As shown in the figures, a TAB tape inspection apparatus has a U-shaped housing 1. The housing 1 has a hollow space inside, in which an optical transmission system 11 described in the following is disposed. A through hole 5 is bored in an upper horizontal arm 2 of the housing 1. A TAB tape t horizontally passes through an opening 7 in the housing 1.

The housing 1 carries inside a first prism 12, a second prism 13 and a third prism 14 which make up a part of the optical transmission system 11 as shown in FIG. 1. The third prism 14 is roof-shaped to bilaterally reverse an image of the bottom surface of the TAB tape t. A focusing lens 16 is provided between the second prism 13 and the third prism 14, whereas a field lens 17 is provided on the exit side (the left side in the figure) of the third prism 14. The focusing lens 16 and the field lens 17 produce an equimultiple real image of the bottom surface of the TAB tape t on the exit side (the left side in the figure) of the field lens 17. The distance between an objective lens 42 of a stereoscopic microscope 41 and the image surface is equal to the distance between the objective lens 42 and the top surface of the TAB tape. Provision may also be made so that the focusing lens 16 produces the real image at the field lens 17.

Guide grooves 9 are cut in upper and lower horizontal arms 2 and 3 of the housing 1. A movable frame 21 is horizontally slidably fit in the guide grooves 9. A fourth prism 15 is fastened to an upper horizontal arm 22 of the movable frame 21. A pale blue back light 34 is attached immediately below the fourth prism 15. The pale blue back light 34 illuminates the top surface of the TAB tape t. A lighting unit 31 to uniformly illuminate the top surface of the TAB tape t is provided beside the back light 34. The lighting unit 31 comprises a ring-shaped light source 32 and a hemispherical shade 33. The shade 33 has an open top. A lighting unit 36 having a ring-shaped light source 37 and a hemispherical shade 38 is attached to a lower horizontal arm 23 of the movable frame 21 in such a manner as to face the fourth prism 15. A back light 39 is provided beside the lighting unit 36. Through holes 25 and 26 are bored in the upper and lower horizontal arms 22 and 23 of the movable frame 21, coaxially with the ring-shaped light sources 32, 37. A lighting unit 36 and back light 39 are analogous to the lighting unit 32 and back light 34 on the upper arm. A rod 29 of an air cylinder 28 is connected to a vertical portion of the movable frame 21.

A stereoscopic microscope 41 is mounted on the housing 1. The objective lens 42 of the stereoscopic microscope 41 is coaxial with the through hole 5 in the housing 1. An uncoiling reel 45, a TAB tape sensor 46 and feed rolls 47 are disposed in that order on the upstream side of the housing 1. The TAB tape sensor optically detects each frame of the TAB tape t paid off from the uncoiling reel 45. Downstream of the housing 1 are disposed feed rolls 48 and a take-up reel 49 in that order. Having teeth adapted to engage with sprocket holes in the TAB tape t, the feed rolls 47 and 48 exactly send forward the TAB tape t one frame after another.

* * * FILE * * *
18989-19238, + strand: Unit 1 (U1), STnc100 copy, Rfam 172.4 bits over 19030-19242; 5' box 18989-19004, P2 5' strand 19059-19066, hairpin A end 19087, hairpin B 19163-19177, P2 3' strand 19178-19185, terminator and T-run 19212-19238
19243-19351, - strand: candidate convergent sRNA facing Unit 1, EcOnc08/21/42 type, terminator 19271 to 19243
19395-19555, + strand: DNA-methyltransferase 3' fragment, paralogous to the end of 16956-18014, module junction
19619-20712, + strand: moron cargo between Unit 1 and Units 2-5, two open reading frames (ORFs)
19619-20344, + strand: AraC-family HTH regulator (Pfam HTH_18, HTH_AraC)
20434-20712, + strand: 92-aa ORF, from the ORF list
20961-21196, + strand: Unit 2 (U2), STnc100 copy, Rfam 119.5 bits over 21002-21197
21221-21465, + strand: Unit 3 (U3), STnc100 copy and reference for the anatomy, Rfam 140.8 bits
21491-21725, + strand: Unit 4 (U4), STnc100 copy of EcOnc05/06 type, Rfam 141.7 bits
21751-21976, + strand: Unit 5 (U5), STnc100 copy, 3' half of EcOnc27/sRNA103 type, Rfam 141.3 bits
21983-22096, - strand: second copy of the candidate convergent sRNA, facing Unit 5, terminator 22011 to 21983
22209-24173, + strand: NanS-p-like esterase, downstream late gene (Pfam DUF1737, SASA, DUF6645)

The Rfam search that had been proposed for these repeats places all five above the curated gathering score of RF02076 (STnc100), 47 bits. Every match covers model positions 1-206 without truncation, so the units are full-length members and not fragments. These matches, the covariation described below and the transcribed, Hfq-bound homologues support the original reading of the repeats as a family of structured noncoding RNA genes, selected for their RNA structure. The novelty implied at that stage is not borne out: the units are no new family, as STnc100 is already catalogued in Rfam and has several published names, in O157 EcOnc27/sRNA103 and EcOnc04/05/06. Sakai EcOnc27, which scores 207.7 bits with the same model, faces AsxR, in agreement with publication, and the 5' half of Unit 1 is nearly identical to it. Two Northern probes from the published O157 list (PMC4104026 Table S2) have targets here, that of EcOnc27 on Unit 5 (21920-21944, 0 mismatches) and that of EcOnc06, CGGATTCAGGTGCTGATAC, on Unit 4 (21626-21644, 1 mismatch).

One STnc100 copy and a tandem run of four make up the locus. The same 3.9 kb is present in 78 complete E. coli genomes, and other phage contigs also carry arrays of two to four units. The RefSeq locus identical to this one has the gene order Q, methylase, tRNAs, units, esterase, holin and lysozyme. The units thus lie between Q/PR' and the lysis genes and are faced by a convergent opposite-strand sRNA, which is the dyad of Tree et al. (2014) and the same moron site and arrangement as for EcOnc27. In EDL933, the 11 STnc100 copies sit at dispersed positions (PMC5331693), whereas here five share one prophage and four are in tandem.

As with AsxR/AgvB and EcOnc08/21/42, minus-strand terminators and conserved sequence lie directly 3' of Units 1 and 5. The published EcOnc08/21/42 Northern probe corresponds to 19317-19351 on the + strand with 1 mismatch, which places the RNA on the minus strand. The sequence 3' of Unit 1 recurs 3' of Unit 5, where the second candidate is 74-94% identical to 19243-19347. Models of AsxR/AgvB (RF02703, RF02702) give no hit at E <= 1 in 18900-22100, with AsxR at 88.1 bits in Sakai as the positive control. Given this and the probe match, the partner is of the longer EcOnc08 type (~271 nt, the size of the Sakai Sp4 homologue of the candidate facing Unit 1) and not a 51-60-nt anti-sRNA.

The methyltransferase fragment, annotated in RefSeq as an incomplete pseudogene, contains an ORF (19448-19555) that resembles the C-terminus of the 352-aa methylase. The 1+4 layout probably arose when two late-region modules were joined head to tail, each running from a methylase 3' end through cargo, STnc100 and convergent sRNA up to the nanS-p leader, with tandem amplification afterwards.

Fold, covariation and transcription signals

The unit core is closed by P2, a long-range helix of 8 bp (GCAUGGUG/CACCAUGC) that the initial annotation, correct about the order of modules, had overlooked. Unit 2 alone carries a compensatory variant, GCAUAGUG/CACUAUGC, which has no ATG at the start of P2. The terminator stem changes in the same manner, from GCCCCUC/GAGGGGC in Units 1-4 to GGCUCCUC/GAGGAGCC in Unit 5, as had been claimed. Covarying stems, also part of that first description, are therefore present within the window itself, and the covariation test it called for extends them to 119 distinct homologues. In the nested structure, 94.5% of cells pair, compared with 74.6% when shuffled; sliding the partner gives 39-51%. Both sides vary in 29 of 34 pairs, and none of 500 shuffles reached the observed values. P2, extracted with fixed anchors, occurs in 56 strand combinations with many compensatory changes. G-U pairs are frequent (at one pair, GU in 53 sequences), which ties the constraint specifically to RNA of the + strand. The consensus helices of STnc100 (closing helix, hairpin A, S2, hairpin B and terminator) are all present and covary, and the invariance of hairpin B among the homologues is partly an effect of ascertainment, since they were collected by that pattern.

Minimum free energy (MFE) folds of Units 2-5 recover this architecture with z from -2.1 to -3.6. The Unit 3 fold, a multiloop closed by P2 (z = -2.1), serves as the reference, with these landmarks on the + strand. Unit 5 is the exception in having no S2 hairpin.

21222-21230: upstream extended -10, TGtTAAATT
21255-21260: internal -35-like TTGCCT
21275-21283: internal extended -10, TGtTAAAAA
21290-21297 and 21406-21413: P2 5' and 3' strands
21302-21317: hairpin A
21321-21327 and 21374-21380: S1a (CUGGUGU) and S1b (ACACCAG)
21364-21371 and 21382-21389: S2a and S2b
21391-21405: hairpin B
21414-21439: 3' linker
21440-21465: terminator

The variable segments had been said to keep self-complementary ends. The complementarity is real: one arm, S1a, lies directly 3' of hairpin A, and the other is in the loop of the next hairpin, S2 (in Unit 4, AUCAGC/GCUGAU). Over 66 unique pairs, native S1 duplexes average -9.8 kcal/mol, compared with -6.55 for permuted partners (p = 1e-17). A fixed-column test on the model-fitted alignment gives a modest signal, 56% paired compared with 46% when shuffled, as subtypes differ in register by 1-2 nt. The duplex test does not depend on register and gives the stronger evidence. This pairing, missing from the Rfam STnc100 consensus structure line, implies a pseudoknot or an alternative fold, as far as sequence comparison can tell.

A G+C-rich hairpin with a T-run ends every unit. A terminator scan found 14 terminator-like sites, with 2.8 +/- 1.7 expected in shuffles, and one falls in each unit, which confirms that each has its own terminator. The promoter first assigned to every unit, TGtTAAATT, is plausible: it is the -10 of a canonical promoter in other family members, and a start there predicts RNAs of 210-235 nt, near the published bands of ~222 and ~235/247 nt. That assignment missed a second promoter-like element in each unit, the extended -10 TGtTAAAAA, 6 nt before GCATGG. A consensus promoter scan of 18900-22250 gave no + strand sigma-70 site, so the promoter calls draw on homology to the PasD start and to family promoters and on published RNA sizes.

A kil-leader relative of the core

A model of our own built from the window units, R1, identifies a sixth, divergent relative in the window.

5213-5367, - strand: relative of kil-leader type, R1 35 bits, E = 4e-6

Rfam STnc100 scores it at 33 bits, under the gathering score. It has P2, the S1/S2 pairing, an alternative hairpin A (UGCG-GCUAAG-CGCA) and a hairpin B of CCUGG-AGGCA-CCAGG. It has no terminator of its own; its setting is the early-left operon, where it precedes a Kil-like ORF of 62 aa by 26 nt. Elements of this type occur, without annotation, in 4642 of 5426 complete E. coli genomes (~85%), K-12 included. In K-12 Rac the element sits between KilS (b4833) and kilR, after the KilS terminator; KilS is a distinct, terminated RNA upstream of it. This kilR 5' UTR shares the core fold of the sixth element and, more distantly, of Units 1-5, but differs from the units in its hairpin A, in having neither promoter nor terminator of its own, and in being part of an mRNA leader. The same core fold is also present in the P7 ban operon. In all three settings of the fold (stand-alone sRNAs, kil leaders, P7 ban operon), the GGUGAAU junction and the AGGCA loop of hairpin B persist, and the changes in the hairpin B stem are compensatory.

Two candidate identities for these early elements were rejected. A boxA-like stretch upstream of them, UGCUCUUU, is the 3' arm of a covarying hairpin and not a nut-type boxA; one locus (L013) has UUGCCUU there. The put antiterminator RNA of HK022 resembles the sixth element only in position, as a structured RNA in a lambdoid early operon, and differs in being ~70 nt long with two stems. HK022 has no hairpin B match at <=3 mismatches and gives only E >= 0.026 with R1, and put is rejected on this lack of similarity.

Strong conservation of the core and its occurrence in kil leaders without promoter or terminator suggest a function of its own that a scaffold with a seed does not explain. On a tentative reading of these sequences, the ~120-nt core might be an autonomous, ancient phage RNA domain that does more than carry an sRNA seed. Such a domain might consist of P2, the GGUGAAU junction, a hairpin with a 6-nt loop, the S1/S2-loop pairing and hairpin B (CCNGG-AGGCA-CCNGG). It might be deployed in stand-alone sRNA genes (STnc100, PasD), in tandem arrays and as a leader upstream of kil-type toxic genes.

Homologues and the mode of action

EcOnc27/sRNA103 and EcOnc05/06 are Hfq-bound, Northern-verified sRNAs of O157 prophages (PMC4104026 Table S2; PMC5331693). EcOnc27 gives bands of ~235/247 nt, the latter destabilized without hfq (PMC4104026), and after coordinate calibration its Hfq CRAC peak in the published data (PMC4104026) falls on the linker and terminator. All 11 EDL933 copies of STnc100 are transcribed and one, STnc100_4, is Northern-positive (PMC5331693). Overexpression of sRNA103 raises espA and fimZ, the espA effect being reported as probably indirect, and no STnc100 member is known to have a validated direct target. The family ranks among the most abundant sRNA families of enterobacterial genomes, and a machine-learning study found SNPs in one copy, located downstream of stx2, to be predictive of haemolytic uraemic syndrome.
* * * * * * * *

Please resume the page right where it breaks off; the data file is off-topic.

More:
Signals initiated by the TAB tape sensor 46 are input in a computer (not shown). Based on the signals from the TAB tape sensor 46, the computer controls the action of the air cylinder 28, uncoiling reel 45, feed rolls 47 and 48 and take-up reel 49.

The following paragraphs describe the method of inspecting a TAB tape t with the apparatus just described.

First, the uncoiling reel 45 pays off a TAB tape t one frame after another. When one frame of the TAB tape t reaches and stops at the inspection point, only the top surface thereof is inspected first. In this instance, the fourth prism 15 facing the objective lens 42 is retracted from the light-ray path L. The upper lighting unit 31 uniformly illuminates the top surface of the TAB tape t, whereas the lower back light 36 dimly lights the bottom surface thereof. This permits the inspector to directly observe the top surface of the TAB tape t through the stereoscopic microscope 41.

When the inspection of the top surface is complete, the fourth prism 15 facing the objective lens 42 is returned into the light-ray path L. The four prisms 12, 13, 14, 15, the focusing lens 16 and the field lens 17 of the optical transmission system 11 send an image of the bottom surface of the TAB tape t to the objective lens 42 of the stereoscopic microscope 41. The stereoscopic microscope 41 stereoscopically enlarges the real image of the bottom surface of the TAB tape t focused at the field lens 17 or on the exit side thereof. In this instance, the lower lighting unit uniformly illuminates the bottom surface of the TAB tape t, whereas the upper back light 34 dimly lights the top surface thereof.